The Duke study looked at patient satisfaction, and Asiedu acknowledges that physicians may offer more criticism of the device. The design emphasized comfort, modesty, and patient empowerment, not necessarily ease of use for physicians. "With a speculum, you just shove it in and expand it as wide as you want to get the visualization you want," Asiedu says. "With this, you have to put it in and gently move it around, kind of like a joystick."
When Stewart and her team set off to redesign the speculum, they knew what they were up against. Plus, Stewart says, "I hadn't even seen a speculum."
So before they started researching or sketching ideas out, Stewart and Kumar listed the things that had bothered them in gynecological exams. There was the noise (like a can opener), the temperature (freezing cold), the feeling inside (as if someone was stretching your insides like a rubber band). When they acquired a set of specula, one plastic and one metal, they realized they needed to change the aesthetics too. These things looked like medieval torture devices.
First, Stewart explored how to silence that ratcheting sound. She and Fran Wang, a mechanical engineer at Frog, investigated new types of opening mechanisms. No concept was too bizarre. What if, like a pufferfish, they used saline to inflate the device from the inside? Or what if they used air, blowing it up like an air mattress? They looked for inspiration in nature (cobra hoods), in machining (milling chucks), and in everyday objects (bicycle pumps); they studied how a tripod clamps open and shut, how ski bindings clip in and out, searching for ideas that might replace the old-fashioned screw mechanism.
Next, they considered new materials. Instead of constructing the device out of plastic or metal, they decided to cover the whole thing in autoclavable silicone—a material that wouldn't feel cold, could be easily sterilized, and would make insertion more comfortable. "On the metal speculum, there are pokey bits," says Wang. "Those shouldn't go near your delicate body parts! Having all of that covered in silicon, it prevents tissue from getting damaged. And also when you look at it, it's nicer."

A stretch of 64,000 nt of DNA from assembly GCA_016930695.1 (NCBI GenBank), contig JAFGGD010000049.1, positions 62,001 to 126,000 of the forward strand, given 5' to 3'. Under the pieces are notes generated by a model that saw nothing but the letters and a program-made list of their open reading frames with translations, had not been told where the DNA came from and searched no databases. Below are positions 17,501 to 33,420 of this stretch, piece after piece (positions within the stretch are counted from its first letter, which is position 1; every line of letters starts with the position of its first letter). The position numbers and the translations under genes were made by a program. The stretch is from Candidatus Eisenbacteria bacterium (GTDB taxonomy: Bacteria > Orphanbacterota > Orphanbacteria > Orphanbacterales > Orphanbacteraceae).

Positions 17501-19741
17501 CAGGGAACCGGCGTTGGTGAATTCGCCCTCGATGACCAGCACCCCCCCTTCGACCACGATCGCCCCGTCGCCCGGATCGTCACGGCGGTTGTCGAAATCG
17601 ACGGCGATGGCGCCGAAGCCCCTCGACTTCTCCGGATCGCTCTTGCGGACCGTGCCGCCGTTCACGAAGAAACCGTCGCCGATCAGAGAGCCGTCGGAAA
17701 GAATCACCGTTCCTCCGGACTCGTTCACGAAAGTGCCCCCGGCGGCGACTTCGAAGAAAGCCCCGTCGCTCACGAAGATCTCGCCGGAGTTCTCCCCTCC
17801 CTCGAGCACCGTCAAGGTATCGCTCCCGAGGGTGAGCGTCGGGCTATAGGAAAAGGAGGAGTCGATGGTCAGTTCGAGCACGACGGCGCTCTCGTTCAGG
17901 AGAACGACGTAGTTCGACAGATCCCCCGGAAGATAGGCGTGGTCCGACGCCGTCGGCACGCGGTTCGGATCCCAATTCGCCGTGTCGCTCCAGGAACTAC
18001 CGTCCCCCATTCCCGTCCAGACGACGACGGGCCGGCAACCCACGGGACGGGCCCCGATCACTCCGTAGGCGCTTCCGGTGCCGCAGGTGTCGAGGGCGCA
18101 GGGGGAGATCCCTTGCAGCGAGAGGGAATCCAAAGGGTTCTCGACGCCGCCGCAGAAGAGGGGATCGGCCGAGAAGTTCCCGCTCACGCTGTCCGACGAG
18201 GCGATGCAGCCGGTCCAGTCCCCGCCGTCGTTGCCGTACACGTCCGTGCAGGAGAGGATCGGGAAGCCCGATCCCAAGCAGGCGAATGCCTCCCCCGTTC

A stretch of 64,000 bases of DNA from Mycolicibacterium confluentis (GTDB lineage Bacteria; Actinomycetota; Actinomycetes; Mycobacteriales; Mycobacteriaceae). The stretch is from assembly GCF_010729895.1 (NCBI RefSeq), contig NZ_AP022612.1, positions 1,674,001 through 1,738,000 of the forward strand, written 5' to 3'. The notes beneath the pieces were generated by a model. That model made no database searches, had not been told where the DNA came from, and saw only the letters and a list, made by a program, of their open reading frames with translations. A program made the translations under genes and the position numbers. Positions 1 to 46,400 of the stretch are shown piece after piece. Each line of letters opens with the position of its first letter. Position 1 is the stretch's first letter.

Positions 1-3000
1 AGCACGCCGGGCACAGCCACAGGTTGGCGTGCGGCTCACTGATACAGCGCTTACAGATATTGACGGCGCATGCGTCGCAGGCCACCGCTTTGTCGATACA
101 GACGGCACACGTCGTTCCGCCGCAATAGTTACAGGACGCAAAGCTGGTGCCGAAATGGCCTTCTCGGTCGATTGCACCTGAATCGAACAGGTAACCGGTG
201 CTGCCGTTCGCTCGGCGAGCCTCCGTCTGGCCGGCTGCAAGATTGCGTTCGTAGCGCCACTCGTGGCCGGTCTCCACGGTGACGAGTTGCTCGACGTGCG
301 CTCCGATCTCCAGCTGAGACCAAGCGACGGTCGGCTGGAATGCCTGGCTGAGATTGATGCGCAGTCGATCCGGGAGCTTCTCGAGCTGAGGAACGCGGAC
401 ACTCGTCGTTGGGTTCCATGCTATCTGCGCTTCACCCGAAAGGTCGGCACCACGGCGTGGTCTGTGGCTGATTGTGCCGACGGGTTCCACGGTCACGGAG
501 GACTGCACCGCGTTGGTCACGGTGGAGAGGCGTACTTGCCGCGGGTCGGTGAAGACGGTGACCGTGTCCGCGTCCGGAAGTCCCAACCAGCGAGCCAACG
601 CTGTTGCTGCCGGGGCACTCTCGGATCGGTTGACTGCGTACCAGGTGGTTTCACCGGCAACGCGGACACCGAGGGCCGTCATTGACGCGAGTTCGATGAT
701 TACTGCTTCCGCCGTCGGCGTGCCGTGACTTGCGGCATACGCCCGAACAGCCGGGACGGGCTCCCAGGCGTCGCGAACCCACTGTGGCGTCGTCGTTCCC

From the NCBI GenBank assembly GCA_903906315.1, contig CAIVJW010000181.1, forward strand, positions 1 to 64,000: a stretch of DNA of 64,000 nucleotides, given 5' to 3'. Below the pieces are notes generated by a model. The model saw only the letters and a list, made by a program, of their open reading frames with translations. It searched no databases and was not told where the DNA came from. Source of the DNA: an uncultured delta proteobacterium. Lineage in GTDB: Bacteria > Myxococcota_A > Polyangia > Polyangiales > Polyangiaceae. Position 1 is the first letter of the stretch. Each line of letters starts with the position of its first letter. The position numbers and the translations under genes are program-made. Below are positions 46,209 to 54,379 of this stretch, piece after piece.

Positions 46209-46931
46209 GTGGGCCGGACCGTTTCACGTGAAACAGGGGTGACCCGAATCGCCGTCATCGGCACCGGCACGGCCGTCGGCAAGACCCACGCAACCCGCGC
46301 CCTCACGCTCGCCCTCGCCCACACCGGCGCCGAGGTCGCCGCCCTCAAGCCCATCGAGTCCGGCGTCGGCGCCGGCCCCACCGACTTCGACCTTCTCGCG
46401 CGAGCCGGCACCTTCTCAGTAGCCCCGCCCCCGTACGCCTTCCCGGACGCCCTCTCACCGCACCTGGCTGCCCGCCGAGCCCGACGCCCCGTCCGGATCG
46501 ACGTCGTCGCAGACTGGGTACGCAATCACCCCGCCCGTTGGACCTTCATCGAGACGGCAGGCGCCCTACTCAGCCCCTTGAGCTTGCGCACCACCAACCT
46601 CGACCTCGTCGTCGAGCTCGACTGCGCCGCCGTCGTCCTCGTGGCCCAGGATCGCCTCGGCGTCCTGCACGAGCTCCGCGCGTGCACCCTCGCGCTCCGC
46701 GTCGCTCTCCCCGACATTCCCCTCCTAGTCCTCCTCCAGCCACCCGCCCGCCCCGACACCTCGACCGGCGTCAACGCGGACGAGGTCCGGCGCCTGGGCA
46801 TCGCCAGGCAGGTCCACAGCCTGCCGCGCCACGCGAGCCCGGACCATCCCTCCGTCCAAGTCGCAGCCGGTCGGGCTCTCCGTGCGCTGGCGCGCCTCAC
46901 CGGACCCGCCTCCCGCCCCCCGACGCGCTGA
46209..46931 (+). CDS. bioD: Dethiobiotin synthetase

They experimented with using three prongs instead of two, opening the device into a triangle shape. They tried shrinking the device to the size of a tampon, or borrowing design language from the vibrator industry. They put the device's handle at different angles, ranging from 90 degrees to 120 degrees, to find most ergonomic position for physicians. And then they 3-D printed a few different prototypes and put them in the hands of OB/GYNs and medical providers.
"The one they were really excited about was the one that opened up using three bills, rather than just two," says Stewart. The triangle-shaped opening gave physicians the same field of view without having to open the bills as wide, making the process less "stretchy" for patients. OB/GYNs also liked the device's handle at 110 degrees, which enough extra space between the physician's hand and the patient's body to eliminate the "last scooch" down the examination table. The silicon covering was a big hit, too. A button unlocks or locks the speculum with one hand, freeing up the other hand; a push handle eliminates the need for screws. Even more comforting, the speculum was totally silent.